Nestled in a Dorset valley surrounded by 2,000 acres of rolling hills and woodland with only the sound of birdsong disturbing the quiet, Mapperton House is a sanctuary from modern life.
“It’s a wonderfully peaceful, calming place,” says Luke Montagu, Viscount Hinchingbrooke and owner of the sprawling Jacobean estate once described by Country Life as the finest manor house in England. “We’re incredibly lucky.”
Despite the stately pile and grand ancestry, the heir to the Earl of Sandwich describes his family as thoroughly modern and “not typically aristocratic”. For a start, he is married to Julie Montagu, a glamorous 45-year-old American yoga teacher, blogger, nutrition expert and former star of the television reality series Ladies of London, who grew up in rural Illinois.
The couple have four children – Emma, 19, and Jack, 16, from Julie’s previous marriage, and their two sons William, 12, and Nestor, 10 – and divide their time between their terraced home in South London and estate in Dorset.
“We live a very modest, middle class life,” says Montagu, 48. “We have a small house in Wandsworth and do fairly normal but interesting things. This is part of what I do. It’s not all of what I do.”
In the drawing room at Mapperton, heraldic lions and griffins appear in the original Tudor ceiling CREDIT: JAY WILLIAMS
He took over the running of Mapperton from his parents, the 11th Earl and Countess of Sandwich, who live in the Rectory house on the grounds, last year and now juggles several businesses with family life.
Describing himself as an entrepreneur, Montagu has run internet and post-production companies, established the Met Film School at Ealing Studios, and co-founded a charity, the Council for Evidence-Based Psychiatry (CEP), after recovering from a dependency on prescription drugs, which won him a £1.35 million settlement after he sued his doctor for negligence. He is currently developing an education programme with the Dalai Lama Centre for Compassion.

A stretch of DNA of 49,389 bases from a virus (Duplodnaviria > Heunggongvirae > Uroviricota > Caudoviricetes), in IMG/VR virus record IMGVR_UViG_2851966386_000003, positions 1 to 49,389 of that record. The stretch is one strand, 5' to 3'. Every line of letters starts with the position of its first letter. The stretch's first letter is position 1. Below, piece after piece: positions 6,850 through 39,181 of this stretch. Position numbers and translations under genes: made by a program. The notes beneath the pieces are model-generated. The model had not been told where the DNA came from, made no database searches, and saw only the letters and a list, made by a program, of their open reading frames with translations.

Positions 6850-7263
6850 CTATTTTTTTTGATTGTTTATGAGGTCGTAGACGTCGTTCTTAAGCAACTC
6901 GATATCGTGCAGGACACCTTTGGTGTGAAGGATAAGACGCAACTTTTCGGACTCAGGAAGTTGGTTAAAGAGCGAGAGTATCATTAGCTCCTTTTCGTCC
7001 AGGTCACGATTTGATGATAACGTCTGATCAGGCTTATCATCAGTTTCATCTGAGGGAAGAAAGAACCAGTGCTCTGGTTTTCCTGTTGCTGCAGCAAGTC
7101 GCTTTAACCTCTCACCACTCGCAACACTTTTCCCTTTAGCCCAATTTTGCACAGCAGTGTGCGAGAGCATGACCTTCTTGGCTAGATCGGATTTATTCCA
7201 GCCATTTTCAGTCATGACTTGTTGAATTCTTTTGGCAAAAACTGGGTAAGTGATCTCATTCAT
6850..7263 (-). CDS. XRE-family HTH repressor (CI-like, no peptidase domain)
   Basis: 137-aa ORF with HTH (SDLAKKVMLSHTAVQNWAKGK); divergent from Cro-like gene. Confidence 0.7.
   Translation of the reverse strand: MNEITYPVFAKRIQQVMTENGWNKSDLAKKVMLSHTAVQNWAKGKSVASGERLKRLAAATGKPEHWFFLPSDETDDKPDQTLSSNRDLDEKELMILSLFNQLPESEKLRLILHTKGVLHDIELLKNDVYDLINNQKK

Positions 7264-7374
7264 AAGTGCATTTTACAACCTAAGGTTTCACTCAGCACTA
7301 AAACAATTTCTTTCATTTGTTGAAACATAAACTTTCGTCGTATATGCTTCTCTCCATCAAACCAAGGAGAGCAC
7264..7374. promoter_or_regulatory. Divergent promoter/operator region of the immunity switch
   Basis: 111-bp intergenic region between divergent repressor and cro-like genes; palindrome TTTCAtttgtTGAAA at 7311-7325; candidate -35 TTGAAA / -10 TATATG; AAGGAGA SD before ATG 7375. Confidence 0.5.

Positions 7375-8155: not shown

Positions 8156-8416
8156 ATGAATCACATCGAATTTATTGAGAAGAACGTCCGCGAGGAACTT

But Montagu has big plans for Mapperton, his most personal of projects, with an aim to increase its annual visitors from 15,000 to 20,000, run yoga and shooting weekends and convert one of the stable blocks into a wedding venue and events space. He stays on the estate from Tuesday to Friday every week, and the family spend weekends and holidays there.
The great hall and other formal rooms of the house, including the library and dining room, are open to the public for seven months of the year CREDIT: JAY WILLIAMS
The house featured in the 2015 film Far from the Madding Crowd and the 1996 adaptation of Emma, starring Gwyneth Paltrow. Spread over three floors and three wings, the building dates back to the 1540s, with features added during the 17th and 18th centuries. Elegant plaster panelling and fireplaces still survive from the 16th century and in the drawing room, heraldic lions and griffins appear in the original Tudor ceiling. Artwork from the Sandwich collection, including gilt-framed portraits, hang on the walls, telling stories of the family famed for inventing the nation’s favourite lunchtime snack as well as, they claim, the choc ice.
«My family is not typically aristocratic. We live a very modest, middle class life.»
The magnificent valley gardens, planted over three periods of history, are its biggest draw. On the top level is a 17th-century croquet lawn and pavilion, where Luke and Julie married in 2004, which leads down through steep banks to an exquisite Italianate arts and crafts garden created by a former owner in the Twenties; it has grottoes, stone ornamental birds, fountains and an orangery. An area of fish ponds dating back to the 18th century leads into an arboretum, created by Montagu’s grandfather, and to the 300 acres of woodland beyond.
The estate itself is a mix of dairy and arable farms, with Grade II listed farm buildings and cottages. The formal, front part of the manor house, including the drawing room, library, great hall and dining room, is open to the public for seven months of the year, during which the family live in the back of the house.
Mapperton House has its own chapel CREDIT: JAY WILLIAMS
“Mapperton isn’t really a museum, it’s got lots of homely touches and pictures of kids,” says Montagu. “And it’s wonderful in the winter as we have the full run of the house and get to use all the rooms at Christmas.”